Okay, okay, down to the body. Shoulders? Unfrozen, thank goodness and finally. Elbows? Great. Wrists? Thankfully, so thin still. Whenever I feel fat, I just gaze at my lovely wrists. Hands? Whose hands are these anyway? My grandmother’s? Sometimes, while watching T.V. and slathering on hand cream (the ultrarich, therapy, intensive recovery, buttery kind), I look at those thick ropes of veins and crepey skin then feel like sucking my thumb. TMI? Sorry.
Boobs? Belly? Bottom? Yaya? Can we just skip over this part? Just write the orders, Doctor, for the mammo, the PAP, and the dread of the dreadiest, the colonoscopy. What sadist thought up the prep for THAT test, anyway? If we can put a robot camera on Mars, why the hell can’t we find another way to detect colon polyps?
Oh, goodie, we are down to my legs. Here is how the conversation will unfold…
“What do you mean, doctor, that you would like to see them? No. I haven’t worn a short dress since 1972 so I sure as hell am not putting on that backless gown you are holding up. Yes. That’s right. I always wear long pants. No, I am not taking them off. Oh, alright. What? No, those are not tattoos. They are spider veins. And cellulite. And cute little dimples, but not where they belong. Okay, I am pulling those pants back on, doc.”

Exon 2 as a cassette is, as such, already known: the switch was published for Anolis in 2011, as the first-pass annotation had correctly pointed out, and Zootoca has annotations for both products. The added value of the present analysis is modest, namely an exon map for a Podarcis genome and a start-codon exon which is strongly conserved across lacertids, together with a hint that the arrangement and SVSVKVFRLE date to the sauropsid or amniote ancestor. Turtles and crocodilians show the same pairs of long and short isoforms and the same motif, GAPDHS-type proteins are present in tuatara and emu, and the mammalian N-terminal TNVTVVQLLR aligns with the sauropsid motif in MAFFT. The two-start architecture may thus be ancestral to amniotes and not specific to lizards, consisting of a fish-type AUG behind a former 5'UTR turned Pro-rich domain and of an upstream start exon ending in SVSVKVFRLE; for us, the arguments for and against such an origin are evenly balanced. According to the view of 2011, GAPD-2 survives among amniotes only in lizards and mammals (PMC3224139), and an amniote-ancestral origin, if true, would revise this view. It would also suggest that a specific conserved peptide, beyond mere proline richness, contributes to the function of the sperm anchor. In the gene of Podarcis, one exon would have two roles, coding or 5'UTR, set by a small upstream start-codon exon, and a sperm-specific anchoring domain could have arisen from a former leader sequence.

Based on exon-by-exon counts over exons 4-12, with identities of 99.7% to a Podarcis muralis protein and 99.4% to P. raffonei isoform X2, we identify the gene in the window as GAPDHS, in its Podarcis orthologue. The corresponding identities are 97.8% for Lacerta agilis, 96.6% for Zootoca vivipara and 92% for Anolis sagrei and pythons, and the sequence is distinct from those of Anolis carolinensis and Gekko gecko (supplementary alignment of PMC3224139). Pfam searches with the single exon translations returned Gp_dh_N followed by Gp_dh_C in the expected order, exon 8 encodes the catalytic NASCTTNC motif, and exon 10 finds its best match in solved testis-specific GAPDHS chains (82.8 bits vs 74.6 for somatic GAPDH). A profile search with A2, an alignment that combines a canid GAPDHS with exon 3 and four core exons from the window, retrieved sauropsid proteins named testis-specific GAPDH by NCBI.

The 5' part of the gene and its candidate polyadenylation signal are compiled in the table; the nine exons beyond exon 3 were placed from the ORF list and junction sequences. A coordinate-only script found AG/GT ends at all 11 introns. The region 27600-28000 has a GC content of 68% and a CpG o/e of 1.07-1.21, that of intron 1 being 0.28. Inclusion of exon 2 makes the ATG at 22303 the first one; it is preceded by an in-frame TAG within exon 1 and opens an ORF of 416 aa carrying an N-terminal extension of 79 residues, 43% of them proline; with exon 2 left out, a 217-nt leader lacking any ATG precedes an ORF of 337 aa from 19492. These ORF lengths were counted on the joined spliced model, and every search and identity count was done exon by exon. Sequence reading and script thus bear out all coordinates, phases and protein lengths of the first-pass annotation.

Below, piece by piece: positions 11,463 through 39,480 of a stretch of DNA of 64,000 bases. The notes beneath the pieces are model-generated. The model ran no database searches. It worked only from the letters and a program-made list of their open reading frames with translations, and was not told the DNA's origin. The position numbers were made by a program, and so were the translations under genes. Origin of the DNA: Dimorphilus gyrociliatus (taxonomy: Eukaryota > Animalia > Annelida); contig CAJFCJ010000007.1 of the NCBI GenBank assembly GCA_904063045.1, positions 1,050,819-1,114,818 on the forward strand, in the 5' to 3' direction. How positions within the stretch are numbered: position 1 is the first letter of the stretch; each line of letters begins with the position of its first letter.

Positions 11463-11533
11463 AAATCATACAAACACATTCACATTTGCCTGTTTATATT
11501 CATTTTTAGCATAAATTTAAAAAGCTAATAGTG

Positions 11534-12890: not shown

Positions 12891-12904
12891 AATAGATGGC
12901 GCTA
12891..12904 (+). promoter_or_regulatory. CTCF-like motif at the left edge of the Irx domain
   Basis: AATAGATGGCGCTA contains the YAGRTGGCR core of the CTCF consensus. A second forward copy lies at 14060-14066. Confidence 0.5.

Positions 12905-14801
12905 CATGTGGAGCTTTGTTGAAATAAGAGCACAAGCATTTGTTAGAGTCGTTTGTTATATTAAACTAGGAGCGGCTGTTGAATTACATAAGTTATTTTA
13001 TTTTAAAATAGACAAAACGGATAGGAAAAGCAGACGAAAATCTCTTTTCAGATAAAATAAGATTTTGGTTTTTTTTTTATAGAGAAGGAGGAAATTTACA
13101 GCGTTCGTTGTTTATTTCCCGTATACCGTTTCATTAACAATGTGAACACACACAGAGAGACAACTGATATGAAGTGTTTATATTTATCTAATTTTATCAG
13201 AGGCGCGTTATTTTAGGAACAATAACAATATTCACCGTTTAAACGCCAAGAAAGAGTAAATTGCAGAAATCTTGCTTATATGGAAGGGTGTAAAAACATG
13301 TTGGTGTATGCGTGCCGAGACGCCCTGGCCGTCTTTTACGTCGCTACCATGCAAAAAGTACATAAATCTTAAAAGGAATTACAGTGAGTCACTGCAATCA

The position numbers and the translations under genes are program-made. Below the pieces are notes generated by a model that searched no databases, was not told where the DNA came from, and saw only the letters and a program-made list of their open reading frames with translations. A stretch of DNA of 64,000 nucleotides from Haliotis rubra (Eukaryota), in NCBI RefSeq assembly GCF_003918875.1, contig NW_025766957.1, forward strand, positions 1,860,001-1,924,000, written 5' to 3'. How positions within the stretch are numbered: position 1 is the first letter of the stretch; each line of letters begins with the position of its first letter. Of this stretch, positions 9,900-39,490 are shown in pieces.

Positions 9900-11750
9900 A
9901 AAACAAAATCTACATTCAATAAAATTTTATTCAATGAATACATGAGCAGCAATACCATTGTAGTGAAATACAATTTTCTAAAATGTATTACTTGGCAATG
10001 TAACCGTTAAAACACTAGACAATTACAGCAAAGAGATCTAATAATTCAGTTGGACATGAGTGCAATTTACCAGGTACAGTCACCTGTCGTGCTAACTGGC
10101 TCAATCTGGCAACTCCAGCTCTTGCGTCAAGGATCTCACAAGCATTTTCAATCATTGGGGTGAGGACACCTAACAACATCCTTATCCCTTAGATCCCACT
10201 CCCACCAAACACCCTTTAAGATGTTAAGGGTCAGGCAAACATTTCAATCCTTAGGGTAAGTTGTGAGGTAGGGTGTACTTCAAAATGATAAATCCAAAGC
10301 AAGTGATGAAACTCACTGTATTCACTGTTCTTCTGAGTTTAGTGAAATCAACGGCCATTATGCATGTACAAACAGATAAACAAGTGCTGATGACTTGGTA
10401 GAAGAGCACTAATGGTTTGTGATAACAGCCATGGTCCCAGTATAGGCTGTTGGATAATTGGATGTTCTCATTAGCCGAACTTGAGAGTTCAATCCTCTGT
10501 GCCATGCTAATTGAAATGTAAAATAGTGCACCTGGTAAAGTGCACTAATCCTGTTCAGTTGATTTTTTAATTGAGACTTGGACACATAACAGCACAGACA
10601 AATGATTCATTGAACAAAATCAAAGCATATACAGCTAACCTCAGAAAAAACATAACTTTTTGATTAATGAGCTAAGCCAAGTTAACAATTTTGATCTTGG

Now to the feet. Other than the plantar fasciitis, the bunions, the plantar warts, the fallen arches, the fungal toenails, the cracked skin around the balls and heels, the chipped pedicure, the hairy big toe, and that odd little webbing between my toes that I have had since birth, my feet are fine. As long as I don’t stand on them too long. And as long as I wear shoes that I used to never be caught dead in. And as long as my Dr. Scholl’s are in place.
Then, we will move to inside my body. Blood pressure. Check. Blood tests. Check. Stool sample. Check. Urine sample. Check. Prescriptions for dryness and wetness and the “too highs” (B.P. and Cholesterol) and the “too lows” (Vitamin D and my libido). Finally, he will ask for the vital stats. This is what will happen…
I will scream, “Oh, no. Please don’t weigh me. Please. Let me take off my orthopedic shoes (and all my clothes and let me pee first). I think your scale is wrong. I weighed on mine and I weighed, I don’t know, let me think, maybe 20 pounds less. When? Within the last decade I am sure.”
I will protest, “I am 5’9 1/2”. What do you mean, 5’7 1/2”? I haven’t shrunk that much, have I? Does that mean I am going to have to weigh what it says for THAT height now? Crap, as it is, I should be 6’5” in order to be in the normal range for my weight. This is definitely going in the wrong direction.”
“This is just between us, right Doc? HIPAA regulations and all that. Don’t even show the office staff that weight thing, okay? Okay. See you next year.”
So, Class of ’65, I’ll let you know if there are any significant deviations from this scenario when I see him next week. In the meantime, I challenge you to remember me as I was then, or rather how I want to be remembered as how I was then:
… tall and tan and young and lovely…
Love and Kisses,